Apple and Google to Testify at Congressional Hearings on Privacy
Computerworld reports that U.S. senators have confirmed that representatives from Apple and Google will participate in Senate hearings on privacy spurred by questions over location databases stored by the companies' smartphone operating systems.
"I'm pleased that Apple and Google have confirmed that they'll be sending representatives to testify at my upcoming hearing on mobile technology and privacy," Sen. Al Franken (D-Minn.) said in a statement issued today.
Franken, who chairs a new Senate privacy panel, added that the hearing was a "first step" in Congressional inquiries whether federal laws have kept up with the surge in mobile devices, including smartphones and tablets.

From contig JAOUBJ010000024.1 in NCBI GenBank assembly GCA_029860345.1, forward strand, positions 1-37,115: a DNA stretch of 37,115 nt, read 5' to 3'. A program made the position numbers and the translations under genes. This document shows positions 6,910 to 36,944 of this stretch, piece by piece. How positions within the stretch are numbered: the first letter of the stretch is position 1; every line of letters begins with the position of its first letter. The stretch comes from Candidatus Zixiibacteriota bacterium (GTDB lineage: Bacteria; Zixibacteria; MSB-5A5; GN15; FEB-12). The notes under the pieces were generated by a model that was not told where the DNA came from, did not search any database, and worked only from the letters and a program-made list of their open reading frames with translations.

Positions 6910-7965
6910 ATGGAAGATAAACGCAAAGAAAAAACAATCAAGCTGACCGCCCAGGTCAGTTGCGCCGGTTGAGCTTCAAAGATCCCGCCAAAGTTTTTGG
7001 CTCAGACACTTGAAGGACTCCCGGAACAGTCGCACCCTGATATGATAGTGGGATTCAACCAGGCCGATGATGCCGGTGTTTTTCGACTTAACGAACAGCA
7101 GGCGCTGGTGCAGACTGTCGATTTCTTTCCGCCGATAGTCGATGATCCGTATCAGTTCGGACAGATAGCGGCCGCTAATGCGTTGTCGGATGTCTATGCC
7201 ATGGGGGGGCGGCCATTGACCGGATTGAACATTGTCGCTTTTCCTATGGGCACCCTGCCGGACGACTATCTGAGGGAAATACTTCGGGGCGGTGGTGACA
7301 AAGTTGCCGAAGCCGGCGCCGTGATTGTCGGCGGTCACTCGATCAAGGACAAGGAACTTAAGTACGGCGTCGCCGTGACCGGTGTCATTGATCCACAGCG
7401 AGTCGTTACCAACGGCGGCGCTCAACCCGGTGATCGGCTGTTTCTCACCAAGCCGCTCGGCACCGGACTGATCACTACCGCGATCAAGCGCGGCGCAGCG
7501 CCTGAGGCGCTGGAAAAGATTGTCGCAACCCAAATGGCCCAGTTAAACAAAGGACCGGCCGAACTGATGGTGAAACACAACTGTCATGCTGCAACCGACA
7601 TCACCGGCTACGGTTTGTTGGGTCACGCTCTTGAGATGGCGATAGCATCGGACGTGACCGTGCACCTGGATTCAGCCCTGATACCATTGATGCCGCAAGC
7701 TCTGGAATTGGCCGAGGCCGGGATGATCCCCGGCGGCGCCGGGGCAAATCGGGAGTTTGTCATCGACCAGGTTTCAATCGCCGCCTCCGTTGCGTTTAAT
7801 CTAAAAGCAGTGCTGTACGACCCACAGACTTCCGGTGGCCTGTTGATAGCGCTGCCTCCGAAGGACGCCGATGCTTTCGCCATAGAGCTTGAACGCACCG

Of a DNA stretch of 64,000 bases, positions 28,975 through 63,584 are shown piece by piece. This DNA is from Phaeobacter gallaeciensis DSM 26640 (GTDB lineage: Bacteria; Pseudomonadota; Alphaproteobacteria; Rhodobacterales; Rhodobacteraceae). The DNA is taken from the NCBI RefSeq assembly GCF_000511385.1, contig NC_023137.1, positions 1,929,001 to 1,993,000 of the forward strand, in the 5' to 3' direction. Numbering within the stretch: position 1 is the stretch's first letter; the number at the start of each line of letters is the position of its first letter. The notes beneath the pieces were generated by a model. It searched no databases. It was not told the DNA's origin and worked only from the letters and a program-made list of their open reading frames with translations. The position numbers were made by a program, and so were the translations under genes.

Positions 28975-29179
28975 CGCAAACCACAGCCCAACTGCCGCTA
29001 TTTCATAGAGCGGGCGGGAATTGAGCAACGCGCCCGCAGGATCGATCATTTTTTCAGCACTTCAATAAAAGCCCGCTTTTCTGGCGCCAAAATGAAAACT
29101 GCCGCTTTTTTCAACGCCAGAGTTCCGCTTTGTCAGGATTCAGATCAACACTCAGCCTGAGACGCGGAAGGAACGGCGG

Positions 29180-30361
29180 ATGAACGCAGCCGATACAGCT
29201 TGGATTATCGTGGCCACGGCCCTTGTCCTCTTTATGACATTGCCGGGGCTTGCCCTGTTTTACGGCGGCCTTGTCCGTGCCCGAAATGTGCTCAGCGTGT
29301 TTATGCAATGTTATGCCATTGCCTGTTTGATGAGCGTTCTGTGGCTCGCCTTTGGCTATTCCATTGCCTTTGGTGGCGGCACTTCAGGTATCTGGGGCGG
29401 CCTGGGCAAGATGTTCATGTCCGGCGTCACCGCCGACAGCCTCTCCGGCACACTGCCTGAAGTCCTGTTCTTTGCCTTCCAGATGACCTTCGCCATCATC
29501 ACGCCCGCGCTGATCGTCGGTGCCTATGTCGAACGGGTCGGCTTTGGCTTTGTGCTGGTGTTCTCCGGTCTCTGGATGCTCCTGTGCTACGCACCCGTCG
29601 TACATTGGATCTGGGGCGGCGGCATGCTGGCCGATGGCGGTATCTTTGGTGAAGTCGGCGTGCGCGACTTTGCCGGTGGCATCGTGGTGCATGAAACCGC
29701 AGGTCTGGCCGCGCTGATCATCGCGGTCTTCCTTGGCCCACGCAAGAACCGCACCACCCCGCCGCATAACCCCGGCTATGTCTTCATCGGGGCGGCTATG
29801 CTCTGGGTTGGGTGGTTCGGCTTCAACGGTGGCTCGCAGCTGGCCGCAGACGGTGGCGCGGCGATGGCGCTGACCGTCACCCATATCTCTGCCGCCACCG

Franken was the first federal legislator to lodge a formal inquiry with Apple about its practices, seeking information on what data the company is collecting and what it is doing with it.
Franken's hearing, which is set to begin at 10 a.m. ET on May 10, will also take testimony from officials with the U.S. Department of Justice and the Federal Trade Commission, as well as from Justin Brookman, director of consumer privacy at the Center for Democracy & Technology.
Apple officially responded to the controversy earlier this week after it had investigated exactly what was going on and determined how best to explain the situation. Apple CEO Steve Jobs noted in an interview on Wednesday that he expected that Apple would testify for governmental representatives, calling it "great" that they were interested in the topic.